Shot Blast Machines
Shot peen blasting use large motors with wheels throw shot "BB's" at metal to blast away mill-scale, slag, rust, and other imperfections. These wheels are considered a consumable and must be replaced often. Replacement used to involve replacing all the individual components, re-timing the wheel so it shot directly at the product, testing and adjusting as necessary. One of the greatest improvements made in this process involves wheels where the blades and impeller can be quickly removed and replaced. The units are also pre-timed, so you don't have to adjust timing each time you replace this components.
Fabrication Tool Carts
Often in machine building and fabrication industries, machine sizes and tool requirement vary from job-to-job. So instead of having all your tools you could possible need on a shadow board along a wall, often it is best to make your tools mobile. Build tool carts with the tools you use 80% of the time on the carts, and put the more obscure ones along the wall. If you are building from engineered drawings, put a slanted top on the table so the worker has a place to put drawing packages. So once a project is done, the worker can simply roll his work station over to the next machine to work on, or move it out of the way to await new work.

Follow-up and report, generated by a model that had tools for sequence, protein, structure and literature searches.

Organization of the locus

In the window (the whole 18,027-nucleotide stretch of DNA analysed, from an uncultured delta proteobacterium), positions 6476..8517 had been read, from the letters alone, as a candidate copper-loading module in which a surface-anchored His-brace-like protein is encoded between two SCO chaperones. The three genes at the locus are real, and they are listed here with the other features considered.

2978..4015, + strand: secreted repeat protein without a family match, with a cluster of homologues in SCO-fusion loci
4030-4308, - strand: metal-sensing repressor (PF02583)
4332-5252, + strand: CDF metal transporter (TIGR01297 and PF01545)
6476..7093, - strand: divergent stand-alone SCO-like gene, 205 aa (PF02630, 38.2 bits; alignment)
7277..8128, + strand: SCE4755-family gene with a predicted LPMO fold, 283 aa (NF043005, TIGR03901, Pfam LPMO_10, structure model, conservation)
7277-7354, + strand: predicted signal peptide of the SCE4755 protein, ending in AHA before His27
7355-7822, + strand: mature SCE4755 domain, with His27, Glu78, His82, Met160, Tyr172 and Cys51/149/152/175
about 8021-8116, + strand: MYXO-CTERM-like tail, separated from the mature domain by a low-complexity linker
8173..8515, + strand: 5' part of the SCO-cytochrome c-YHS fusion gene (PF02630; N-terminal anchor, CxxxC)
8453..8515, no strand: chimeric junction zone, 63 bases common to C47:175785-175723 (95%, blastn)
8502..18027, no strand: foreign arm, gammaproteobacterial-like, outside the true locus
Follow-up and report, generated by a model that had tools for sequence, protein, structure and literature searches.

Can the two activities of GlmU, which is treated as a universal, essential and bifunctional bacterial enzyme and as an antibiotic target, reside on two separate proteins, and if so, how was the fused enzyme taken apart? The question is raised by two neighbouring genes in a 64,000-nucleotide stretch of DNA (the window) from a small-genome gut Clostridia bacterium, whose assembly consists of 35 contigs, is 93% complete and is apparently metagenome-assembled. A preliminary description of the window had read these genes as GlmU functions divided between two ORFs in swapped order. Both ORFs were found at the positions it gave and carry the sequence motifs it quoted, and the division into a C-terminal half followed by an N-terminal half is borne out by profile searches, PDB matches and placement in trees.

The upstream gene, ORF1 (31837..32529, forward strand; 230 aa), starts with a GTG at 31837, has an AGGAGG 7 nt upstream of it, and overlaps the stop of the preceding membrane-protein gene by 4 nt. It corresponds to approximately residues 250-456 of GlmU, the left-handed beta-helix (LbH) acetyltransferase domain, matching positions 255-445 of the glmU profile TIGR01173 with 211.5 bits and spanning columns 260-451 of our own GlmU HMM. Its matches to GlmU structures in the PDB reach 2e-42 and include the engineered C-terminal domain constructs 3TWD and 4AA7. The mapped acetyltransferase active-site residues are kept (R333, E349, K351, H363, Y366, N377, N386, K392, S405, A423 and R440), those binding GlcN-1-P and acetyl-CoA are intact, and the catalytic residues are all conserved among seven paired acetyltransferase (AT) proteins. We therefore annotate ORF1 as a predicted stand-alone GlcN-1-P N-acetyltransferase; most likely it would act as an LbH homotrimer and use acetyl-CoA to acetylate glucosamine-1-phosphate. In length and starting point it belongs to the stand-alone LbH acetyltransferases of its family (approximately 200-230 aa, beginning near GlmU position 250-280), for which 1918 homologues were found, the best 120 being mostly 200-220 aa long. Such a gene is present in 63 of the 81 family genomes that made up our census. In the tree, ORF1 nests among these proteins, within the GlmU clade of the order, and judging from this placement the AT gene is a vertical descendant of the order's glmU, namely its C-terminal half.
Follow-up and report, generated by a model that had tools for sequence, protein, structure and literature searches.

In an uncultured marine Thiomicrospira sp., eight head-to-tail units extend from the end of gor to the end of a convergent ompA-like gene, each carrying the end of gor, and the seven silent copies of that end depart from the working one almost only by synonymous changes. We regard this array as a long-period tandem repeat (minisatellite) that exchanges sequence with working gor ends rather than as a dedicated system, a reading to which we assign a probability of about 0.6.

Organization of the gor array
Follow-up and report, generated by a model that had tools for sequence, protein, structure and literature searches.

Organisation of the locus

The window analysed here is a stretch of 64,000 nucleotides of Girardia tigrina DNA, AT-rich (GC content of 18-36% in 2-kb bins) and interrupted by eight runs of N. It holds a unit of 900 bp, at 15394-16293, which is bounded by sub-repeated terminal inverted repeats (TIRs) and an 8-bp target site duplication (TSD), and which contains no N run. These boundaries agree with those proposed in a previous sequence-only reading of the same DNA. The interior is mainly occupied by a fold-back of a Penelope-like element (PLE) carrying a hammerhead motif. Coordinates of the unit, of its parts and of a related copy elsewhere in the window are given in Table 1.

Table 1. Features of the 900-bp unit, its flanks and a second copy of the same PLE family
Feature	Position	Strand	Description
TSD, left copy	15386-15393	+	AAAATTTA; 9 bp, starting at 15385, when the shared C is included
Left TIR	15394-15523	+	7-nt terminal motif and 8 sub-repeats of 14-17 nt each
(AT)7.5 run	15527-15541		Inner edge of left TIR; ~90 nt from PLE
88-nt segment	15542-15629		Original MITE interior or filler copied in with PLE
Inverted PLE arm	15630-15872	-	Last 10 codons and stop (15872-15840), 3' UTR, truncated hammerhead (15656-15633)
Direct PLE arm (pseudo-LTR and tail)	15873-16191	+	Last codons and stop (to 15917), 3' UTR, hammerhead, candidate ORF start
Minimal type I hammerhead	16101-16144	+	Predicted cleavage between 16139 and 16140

The most common example of SMED would be the automatic tool changer, which contains many of the common tools needed and simply require you to switch tools on the CNC control. They do have their limitations, however, as they only have a limited number of slots for tools and will need to be changed out from time-to-time.
Another example is fixturing. Often fixtures need to be set up each time a new part is machined. However, many machines can be set up so that fixture can be set up for the next part offline, then the entire fixture set in place when ready to run. Keep in mind these fixtures should be set up to simply drop in without adjustment or shimming. Build the system so it is robust so that accounts for accuracy to the operator does not have to do so each time they re-fixture.
CNC machines are often prime candidates for standard work, as each operator does changeover tasks differently. Simply documenting the best current practice and implementing it uniformly at all work stations can yeild great results, and will eventually lead to even grean gains as you apply lean tools to them.
As you can see from these examples, Single Minute Exchange of Dies should be an integral part of your shop's plan to improve efficiency and lean out your operation. It provides the modern job shop with the flexibility and quick turnaround capabilities they need to service their customers in our ever evolving on-demand and just-in-time economy.